“It is true that there have been differences on the border at this time. A significant number of Chinese troops have come in. India too has done what it should,” Mr Singh told CNN News18.

“As of now, negotiations are going on at the military level. On 06 June, there will be talks between senior military officers. I discussed this with the Army Chief today,” he said.

Dialogue between military commanders had been going on daily, sources said, including at the level of Major Generals and on Tuesday too. No concrete resolution had been achieved, it had been learnt and the talks would continue, the sources said.

Mr Singh observed that China should also think seriously in this regard so that the issue was resolved completely.

Referring to the differences in perception between the two countries on the alignment of the LAC, he said there was something constantly going on between India and China regarding the border.

“There will hardly be a year when there is no face-off on the border between both the Indian Army and the Chinese Army,” he said. Sometime there had been such tensions that firearms had been snatched, he noted.

Specifically asked to comment on reports of Chinese troops moving inside Indian territory, he said without getting into specifics, “India will not infringe on anyone’s sovereignty and at the same time India will let not anyone infringe on its sovereignty.”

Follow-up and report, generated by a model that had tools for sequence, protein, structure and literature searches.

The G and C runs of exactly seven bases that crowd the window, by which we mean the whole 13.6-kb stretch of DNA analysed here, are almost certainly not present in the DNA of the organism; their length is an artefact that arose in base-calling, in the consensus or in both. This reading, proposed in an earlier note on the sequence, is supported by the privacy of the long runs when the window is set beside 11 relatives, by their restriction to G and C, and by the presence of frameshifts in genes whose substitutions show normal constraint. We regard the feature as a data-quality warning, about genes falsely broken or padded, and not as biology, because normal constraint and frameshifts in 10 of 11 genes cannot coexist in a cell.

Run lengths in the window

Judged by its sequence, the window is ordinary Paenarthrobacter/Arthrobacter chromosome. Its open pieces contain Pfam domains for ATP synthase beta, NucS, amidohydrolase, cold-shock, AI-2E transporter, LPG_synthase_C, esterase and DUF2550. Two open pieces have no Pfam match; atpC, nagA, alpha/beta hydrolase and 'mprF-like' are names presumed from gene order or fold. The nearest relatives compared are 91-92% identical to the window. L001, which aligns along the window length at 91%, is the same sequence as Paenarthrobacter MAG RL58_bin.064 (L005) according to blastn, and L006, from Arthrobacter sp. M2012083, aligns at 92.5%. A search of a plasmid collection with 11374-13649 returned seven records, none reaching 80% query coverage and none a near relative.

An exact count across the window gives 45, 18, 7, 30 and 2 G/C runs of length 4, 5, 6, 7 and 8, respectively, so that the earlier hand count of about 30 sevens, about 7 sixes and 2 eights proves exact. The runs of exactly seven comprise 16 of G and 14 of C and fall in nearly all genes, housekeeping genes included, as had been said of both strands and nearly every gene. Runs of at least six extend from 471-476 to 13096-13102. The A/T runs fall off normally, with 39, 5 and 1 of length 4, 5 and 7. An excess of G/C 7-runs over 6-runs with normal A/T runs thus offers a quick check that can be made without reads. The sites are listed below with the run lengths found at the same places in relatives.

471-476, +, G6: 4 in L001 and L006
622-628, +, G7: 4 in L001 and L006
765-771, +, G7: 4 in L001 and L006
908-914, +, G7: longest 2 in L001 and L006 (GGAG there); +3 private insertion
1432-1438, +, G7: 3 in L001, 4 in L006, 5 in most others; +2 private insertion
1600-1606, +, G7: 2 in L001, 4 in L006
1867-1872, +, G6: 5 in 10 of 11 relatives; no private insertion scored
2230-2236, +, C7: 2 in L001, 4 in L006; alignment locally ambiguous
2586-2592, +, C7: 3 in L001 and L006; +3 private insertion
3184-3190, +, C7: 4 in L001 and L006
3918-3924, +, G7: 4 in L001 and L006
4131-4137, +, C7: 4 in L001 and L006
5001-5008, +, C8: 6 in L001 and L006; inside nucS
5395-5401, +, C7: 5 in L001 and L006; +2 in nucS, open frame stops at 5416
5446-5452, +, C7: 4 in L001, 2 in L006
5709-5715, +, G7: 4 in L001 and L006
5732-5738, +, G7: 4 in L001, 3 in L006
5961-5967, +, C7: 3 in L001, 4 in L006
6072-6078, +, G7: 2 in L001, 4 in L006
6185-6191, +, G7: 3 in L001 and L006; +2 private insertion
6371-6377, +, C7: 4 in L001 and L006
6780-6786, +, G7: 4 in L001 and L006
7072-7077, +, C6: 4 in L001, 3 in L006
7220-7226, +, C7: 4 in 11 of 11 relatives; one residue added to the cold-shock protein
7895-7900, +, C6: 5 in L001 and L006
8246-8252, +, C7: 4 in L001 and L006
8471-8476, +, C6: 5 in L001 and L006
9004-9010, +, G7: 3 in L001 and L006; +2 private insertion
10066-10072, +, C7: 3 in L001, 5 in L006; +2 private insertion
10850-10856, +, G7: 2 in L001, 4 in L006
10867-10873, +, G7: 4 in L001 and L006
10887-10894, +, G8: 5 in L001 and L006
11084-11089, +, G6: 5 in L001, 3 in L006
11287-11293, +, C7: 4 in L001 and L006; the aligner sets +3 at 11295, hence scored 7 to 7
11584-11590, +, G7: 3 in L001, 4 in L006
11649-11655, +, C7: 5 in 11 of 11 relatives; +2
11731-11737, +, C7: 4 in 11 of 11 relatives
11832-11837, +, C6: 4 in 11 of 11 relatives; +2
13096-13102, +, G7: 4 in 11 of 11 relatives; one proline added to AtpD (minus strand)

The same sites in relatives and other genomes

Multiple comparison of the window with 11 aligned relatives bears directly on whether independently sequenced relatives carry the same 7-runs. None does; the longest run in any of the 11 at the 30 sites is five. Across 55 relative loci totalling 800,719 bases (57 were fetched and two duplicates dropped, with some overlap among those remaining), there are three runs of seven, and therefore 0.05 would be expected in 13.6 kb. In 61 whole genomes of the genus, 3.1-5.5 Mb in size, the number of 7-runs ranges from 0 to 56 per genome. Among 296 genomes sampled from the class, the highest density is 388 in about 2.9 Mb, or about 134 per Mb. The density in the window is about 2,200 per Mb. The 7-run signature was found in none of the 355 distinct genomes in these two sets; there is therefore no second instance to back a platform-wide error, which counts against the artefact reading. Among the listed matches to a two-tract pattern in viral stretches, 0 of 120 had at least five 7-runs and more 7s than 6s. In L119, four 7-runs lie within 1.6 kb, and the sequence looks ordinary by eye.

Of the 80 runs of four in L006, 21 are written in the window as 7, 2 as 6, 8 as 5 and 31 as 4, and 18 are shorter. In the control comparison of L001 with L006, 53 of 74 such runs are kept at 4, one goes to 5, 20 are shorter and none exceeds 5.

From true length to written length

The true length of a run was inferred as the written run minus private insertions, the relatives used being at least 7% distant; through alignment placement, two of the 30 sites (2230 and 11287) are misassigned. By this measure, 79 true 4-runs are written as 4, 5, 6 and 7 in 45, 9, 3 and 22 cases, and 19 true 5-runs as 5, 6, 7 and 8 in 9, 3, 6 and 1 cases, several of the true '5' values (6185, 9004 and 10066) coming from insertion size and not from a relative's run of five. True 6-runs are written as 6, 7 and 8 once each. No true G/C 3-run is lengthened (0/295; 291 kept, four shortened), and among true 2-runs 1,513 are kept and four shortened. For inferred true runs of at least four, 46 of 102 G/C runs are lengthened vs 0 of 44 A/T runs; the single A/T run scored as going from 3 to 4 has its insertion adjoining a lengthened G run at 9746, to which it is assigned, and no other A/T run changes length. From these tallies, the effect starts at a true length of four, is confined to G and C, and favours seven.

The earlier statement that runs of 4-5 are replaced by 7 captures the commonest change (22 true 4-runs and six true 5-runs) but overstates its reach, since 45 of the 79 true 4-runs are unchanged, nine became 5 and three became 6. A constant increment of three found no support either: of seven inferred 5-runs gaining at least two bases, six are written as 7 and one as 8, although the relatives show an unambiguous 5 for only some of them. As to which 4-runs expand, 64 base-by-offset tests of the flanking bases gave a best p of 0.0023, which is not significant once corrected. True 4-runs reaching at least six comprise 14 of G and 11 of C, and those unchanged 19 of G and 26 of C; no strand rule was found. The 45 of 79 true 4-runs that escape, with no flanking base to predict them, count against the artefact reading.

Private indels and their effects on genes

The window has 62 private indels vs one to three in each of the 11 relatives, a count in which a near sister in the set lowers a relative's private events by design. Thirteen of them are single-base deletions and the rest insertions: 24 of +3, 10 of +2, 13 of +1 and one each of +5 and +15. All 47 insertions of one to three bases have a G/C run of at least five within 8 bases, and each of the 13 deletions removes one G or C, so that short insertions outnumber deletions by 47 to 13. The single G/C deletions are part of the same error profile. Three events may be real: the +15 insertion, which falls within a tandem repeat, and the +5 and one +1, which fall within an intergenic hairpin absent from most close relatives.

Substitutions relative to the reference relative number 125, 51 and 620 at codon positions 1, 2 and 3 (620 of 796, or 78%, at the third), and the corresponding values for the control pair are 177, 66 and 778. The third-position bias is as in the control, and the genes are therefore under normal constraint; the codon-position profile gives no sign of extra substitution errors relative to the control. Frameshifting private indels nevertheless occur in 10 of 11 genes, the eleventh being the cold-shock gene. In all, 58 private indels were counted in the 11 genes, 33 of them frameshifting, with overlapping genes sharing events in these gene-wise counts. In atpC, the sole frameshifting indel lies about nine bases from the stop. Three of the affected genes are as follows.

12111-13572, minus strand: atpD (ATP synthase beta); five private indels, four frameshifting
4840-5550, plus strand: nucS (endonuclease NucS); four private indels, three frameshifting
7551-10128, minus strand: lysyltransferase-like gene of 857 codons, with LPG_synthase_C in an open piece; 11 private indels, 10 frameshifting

For close to a month now, Indian and Chinese troops have been engaged in stand-offs at several locations along the LAC after Chinese troops moved into Indian territory at Pangong Tso, Galwan Nalah, Hot Springs in eastern Ladakh and Naku La in Sikkim.

Chinese troops have set up tents and brought in equipment inside at some places while also building up presence close to Indian positions on their side of the border.

Mr Singh later said on Twitter quoting the interview that India’s negotiation with China was on and so he “would not like to express doubts.”

“If the issue is resolved through dialogue then what else can be a good thing,” he said and added that the ‘forehead of India’ would not bend under any circumstances.